8. Kosambi DD (1944) The estimation of map distances from recombination values. Ann Eugen 12:172–175Google Scholar
  9. Lander ES, Green P, Abrahamson J, Barlow A, Daly MJ, Lincoln SE, Newburg L (1987) An interactive computer package for constructing primary genetic linkage maps of experimental and natural populations. Genomics 1:174–181Google Scholar
  10. Martin GB, Brommonschenkel SH, Chunwongse J, Frary A, Ganal MW, Spivey R, Wu T, Earle ED, Tanksley SD (1993) Map-based cloning of a protein kinase gene conferring disease resistance in tomato. Science 262:1432–1436Google Scholar
  11. McCouch SR, Kochert G, Yu ZH, Wang ZY, Khush GS, Coffman WR, Tanksley SD (1988) Molecular mapping of rice chromosomes. Theor Appl Genet 76:815–829Google Scholar
  12. Oba S, Kikuch F, Maruyama K (1990) Genetic analysis of semidwarfness and grain shattering of Chinese rice variety “Ai-Jio-Nan-Te”. Japan J Breed 40:13–20Google Scholar
  13. Ogi Y, Kato H, Maruyama K, Saito A, and Kikuchi F (1993) Identification of RFLP markers closely linked to the semidwarfing gene at the sd-1 locus in rice. Japan J Breed 43:141–146Google Scholar
  14. Rommens JM, Iannuzzi MC, Kerem B, Drumm ML, Melmer G, Dean M, Rozmahel R, Cole JL, Kennedy D, Hidaka N, Zsiga M, Buchward M, Riordan JR, Tsui LC, Collins FS (1989) Identification of the cystic fibrosis gene: chromosome walking and jumping. Science 245:1059–1065Google Scholar
  15. Suh HS, Heu MH (1978) The segregation mode of plant height in the cross of rice varieties. II. Linkage analysis of the semidwarfness of rice variety “Tongil”. Korean J Breed 10(1):1–6Google Scholar
  16. Tanksley SD, Young ND, Paterson AH, Bonierbale MW (1989) RFLP mapping in plant breeding: new tools for an old science. Biotechnology 7:257–264Google Scholar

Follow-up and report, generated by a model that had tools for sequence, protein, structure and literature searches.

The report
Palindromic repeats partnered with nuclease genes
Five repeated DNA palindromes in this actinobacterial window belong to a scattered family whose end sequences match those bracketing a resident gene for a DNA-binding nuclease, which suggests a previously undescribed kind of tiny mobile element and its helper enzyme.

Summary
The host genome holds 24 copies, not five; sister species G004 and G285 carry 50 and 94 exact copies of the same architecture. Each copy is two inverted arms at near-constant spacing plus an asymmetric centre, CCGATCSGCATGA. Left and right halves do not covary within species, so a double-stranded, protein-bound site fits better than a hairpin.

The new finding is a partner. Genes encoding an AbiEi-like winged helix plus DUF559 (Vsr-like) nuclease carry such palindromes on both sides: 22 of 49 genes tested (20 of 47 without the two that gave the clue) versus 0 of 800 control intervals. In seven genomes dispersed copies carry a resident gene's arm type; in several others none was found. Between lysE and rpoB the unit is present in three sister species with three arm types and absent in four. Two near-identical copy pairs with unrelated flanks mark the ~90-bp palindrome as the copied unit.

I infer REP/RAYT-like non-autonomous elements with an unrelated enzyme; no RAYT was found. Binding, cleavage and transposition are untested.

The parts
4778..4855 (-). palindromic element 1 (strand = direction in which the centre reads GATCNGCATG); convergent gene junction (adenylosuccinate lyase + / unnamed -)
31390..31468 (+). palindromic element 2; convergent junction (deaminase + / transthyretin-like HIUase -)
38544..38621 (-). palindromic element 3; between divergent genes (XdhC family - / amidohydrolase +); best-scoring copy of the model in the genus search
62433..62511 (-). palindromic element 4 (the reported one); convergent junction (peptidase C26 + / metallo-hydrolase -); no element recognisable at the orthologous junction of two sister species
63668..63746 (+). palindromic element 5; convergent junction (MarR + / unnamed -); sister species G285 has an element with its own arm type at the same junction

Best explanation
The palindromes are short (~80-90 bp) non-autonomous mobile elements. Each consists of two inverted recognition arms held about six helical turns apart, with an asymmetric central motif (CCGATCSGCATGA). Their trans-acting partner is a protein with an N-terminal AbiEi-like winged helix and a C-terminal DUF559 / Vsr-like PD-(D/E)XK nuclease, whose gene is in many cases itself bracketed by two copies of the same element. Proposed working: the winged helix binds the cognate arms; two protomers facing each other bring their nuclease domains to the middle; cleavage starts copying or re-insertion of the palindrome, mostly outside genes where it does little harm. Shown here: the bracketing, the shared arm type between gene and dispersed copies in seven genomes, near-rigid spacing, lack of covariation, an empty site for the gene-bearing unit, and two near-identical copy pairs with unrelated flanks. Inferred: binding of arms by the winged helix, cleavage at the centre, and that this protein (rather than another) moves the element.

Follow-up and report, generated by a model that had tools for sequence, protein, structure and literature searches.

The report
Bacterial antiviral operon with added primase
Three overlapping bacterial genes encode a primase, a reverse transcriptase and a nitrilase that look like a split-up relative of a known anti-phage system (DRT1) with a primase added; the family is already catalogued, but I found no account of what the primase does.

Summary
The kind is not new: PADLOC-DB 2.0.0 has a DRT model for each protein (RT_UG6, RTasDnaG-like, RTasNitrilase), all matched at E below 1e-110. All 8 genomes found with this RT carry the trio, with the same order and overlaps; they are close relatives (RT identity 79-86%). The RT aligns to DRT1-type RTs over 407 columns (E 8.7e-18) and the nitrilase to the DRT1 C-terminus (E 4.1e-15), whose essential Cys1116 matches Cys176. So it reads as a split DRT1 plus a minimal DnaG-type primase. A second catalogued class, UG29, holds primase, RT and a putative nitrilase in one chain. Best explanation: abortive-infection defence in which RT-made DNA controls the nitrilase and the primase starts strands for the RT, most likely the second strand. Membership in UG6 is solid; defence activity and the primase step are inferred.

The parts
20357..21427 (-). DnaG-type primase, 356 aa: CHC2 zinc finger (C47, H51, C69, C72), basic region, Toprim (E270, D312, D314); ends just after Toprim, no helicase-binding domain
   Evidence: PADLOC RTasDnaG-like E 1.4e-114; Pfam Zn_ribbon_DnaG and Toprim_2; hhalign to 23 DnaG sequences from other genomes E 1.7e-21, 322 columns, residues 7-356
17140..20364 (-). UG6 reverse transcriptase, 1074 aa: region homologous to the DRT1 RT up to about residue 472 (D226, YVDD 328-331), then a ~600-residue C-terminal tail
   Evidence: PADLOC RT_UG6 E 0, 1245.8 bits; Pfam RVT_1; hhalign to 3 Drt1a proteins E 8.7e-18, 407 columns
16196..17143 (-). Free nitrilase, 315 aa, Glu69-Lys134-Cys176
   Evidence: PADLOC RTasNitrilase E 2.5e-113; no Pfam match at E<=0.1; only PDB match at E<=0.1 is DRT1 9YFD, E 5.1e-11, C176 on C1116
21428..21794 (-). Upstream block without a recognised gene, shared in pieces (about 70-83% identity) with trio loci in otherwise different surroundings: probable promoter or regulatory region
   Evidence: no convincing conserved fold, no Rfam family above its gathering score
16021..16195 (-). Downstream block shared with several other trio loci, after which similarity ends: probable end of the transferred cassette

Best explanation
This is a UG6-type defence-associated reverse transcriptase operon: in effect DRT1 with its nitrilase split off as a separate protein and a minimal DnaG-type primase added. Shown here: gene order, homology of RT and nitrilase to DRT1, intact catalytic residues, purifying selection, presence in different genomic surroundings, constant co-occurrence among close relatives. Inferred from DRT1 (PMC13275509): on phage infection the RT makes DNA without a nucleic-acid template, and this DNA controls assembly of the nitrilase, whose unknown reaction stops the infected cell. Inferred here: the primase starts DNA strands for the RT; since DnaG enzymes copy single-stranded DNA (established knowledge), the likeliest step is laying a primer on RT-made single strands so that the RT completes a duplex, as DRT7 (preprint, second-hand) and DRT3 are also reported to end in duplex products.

17. Tsai KH (1991) Chromosomal location of gene sd-1 examined with isogenic translocation lines of Taichung 65. Rice Genet Newslet 8:109–110Google Scholar
  18. Wang ZY, Tanksley SD (1989) Restriction fragment length polymorphism in Oryza sativa L. Genome 32:1113–1118Google Scholar
  19. Wang ZY, Second G, Tanksley SD (1992) Polymorphism and phylogenetic relationships among species in the genus Oryza as determined by analysis of nuclear RFLPs. Theor Appl Genet 83:565–581Google Scholar
  20. Wang G, Mackill DJ, Bonman JM, McCouch SR, Champoux M, Nelson R (1993) RFLP mapping of genes conferring complete partial resistance to blast in a durably-resistant rice cultivar. Genetics 136:1421–1434Google Scholar
  21. Yokoo M, Saito S (1986) Association between grain shattering and semidwarfness in rice. Rice Genet Newslet 3:63–65Google Scholar
  22. Young ND, Zamir D, Ganal MW, Tanksley SD (1988) Use of isogenic lines and simultaneous probing to identify DNA markers tightly linked to the Tm-2a gene in tomato. Genetics 120:579–585Google Scholar
  23. Yu ZH (1991) Molecular mapping of rice (Oryza sativa L.) genes via linkage to restriction fragment length polymorphism (RFLP) markers. PhD thesis, Cornell University, Ithaca, N.Y.Google Scholar
  24. Yu ZH, Mackill DJ, Bonman JM, Tanksley SD (1991) Tagging genes for blast resistance in rice via linkage to RFLP markers. Theor Appl Genet 81:471–476Google Scholar

Copyright information

© Springer-Verlag 1994

Authors and Affiliations

  • Y. G. Cho
    • 1
  • M. Y. Eun
    • 1
  • S. R. McCouch
    • 2
  • Y. A. Chae
    • 3
  1. 1.Genetics DivisionAgricultural Biotechnology Institute, RDASuweonRepublic of Korea
  2. 2.Department of Plant Breeding and BiometryCornell UniversityIthacaUSA
  3. 3.Department of AgronomySeoul National UniversitySuweonRepublic of Korea

Personalised recommendations